In Abbott nutrition, we have all three of those. So we're well positioned to be able to build and capitalized in the tailwinds of this market not just in emerging markets, but the US as well have the science, the research and ultimately the infrastructure footprint and capability to able to take advantage of that and a really robust product pipeline to be able to support it longer term and it gives us a life of excitement for the future.

Kristen Stewart - Deutsche Bank

Okay. And then just in terms of the growth outlook nutritional broadly I mean this year as you had mentioned, I guess you guys are double digit growth rate that you're expecting what can we expect longer term and it seems that given all that you've discussed today used to be able to at least sustain high single digits, I don't know if you would agree with that?

Scott White

I think we'd agree with high singles, our goal obviously is to push that up into the low doubles if possible, but high singles is very achievable, Tom's (Inaudible).

Kristen Stewart - Deutsche Bank

Okay. And then any other questions in the room for as one last one? One of the areas where I frequently get asked a lot of questions just on the outlook for the balance of the years within the established pharmaceutical -- not pharmaceutical -- EPD business. And so how I guess comfortable are you still with seeing the acceleration as you move forward into 2013, and just what do you see as a longer term growth rate of that business, it doesn't seem like that necessarily has perhaps the margin opportunity of that nutrition has or maybe even diagnostics but maybe just talk both about top line growth to that franchise (Inaudible) margin?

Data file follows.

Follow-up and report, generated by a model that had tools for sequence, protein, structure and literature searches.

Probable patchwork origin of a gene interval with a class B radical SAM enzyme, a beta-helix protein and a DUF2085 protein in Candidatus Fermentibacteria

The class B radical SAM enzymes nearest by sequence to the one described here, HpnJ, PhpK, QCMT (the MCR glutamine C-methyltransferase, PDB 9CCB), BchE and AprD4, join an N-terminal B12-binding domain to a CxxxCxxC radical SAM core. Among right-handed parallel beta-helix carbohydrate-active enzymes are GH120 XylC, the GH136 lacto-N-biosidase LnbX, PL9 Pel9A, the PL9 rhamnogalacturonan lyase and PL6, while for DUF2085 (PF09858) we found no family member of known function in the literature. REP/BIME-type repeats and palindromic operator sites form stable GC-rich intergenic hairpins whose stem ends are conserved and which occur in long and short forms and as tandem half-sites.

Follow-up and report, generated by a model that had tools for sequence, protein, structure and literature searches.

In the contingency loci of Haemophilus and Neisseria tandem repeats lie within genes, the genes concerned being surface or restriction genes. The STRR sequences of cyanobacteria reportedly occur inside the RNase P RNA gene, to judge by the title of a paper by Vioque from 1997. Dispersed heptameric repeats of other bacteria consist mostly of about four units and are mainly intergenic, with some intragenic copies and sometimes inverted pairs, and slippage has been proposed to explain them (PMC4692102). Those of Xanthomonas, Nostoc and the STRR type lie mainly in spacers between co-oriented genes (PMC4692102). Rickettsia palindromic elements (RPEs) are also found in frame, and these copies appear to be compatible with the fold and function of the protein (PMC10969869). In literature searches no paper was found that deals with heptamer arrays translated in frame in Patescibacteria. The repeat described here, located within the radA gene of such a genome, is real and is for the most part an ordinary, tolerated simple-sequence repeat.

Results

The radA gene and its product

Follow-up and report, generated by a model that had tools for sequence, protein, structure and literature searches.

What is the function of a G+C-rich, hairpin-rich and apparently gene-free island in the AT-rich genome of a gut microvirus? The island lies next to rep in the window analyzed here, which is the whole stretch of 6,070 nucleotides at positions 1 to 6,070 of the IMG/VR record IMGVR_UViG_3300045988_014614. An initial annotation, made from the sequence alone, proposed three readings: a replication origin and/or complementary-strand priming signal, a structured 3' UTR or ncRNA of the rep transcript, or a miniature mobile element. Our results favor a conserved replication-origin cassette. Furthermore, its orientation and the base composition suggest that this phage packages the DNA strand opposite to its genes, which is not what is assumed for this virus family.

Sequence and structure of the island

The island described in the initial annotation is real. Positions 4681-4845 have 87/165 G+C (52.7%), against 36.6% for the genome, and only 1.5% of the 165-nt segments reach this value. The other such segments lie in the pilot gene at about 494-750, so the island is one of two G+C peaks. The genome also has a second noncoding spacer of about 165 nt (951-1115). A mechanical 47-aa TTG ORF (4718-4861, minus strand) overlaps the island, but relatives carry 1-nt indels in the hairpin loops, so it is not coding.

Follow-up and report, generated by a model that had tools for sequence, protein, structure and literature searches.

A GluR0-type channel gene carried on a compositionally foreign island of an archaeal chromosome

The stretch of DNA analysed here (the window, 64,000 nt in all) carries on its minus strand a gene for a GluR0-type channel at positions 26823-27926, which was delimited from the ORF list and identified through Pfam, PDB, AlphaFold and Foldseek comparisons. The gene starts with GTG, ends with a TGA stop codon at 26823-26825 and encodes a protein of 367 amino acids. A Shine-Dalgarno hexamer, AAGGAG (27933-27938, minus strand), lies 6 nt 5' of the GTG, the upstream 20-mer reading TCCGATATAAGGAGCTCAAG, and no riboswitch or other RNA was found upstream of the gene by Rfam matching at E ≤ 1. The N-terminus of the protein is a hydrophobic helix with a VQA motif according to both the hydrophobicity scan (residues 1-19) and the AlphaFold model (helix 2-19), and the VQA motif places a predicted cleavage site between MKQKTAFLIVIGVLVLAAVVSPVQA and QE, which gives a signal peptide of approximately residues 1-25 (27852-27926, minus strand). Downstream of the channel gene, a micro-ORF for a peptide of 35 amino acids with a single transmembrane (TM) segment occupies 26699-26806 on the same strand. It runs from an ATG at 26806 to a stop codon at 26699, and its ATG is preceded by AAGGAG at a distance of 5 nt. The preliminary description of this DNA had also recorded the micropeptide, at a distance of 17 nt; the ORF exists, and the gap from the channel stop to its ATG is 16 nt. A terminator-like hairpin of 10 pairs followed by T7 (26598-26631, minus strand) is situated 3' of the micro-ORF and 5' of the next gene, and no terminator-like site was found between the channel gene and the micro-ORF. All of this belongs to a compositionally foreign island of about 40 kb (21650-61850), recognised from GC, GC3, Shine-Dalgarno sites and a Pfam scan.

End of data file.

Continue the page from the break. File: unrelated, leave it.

Tom Freyman

Sure, let me just talk fundamentally about the business, so this business has a great role within the portfolio and margins are quite good cash flow is very strong it's a relatively light, it's a not a capital intensive business so that cash flow is available to fund growth opportunities elsewhere in the business as well as various things that come along with our shareholder return programs et cetera. So an excellent business for Abbott, it's fair to say that the growth rates have been a little lower than, we think the long term potential is in the last couple of years.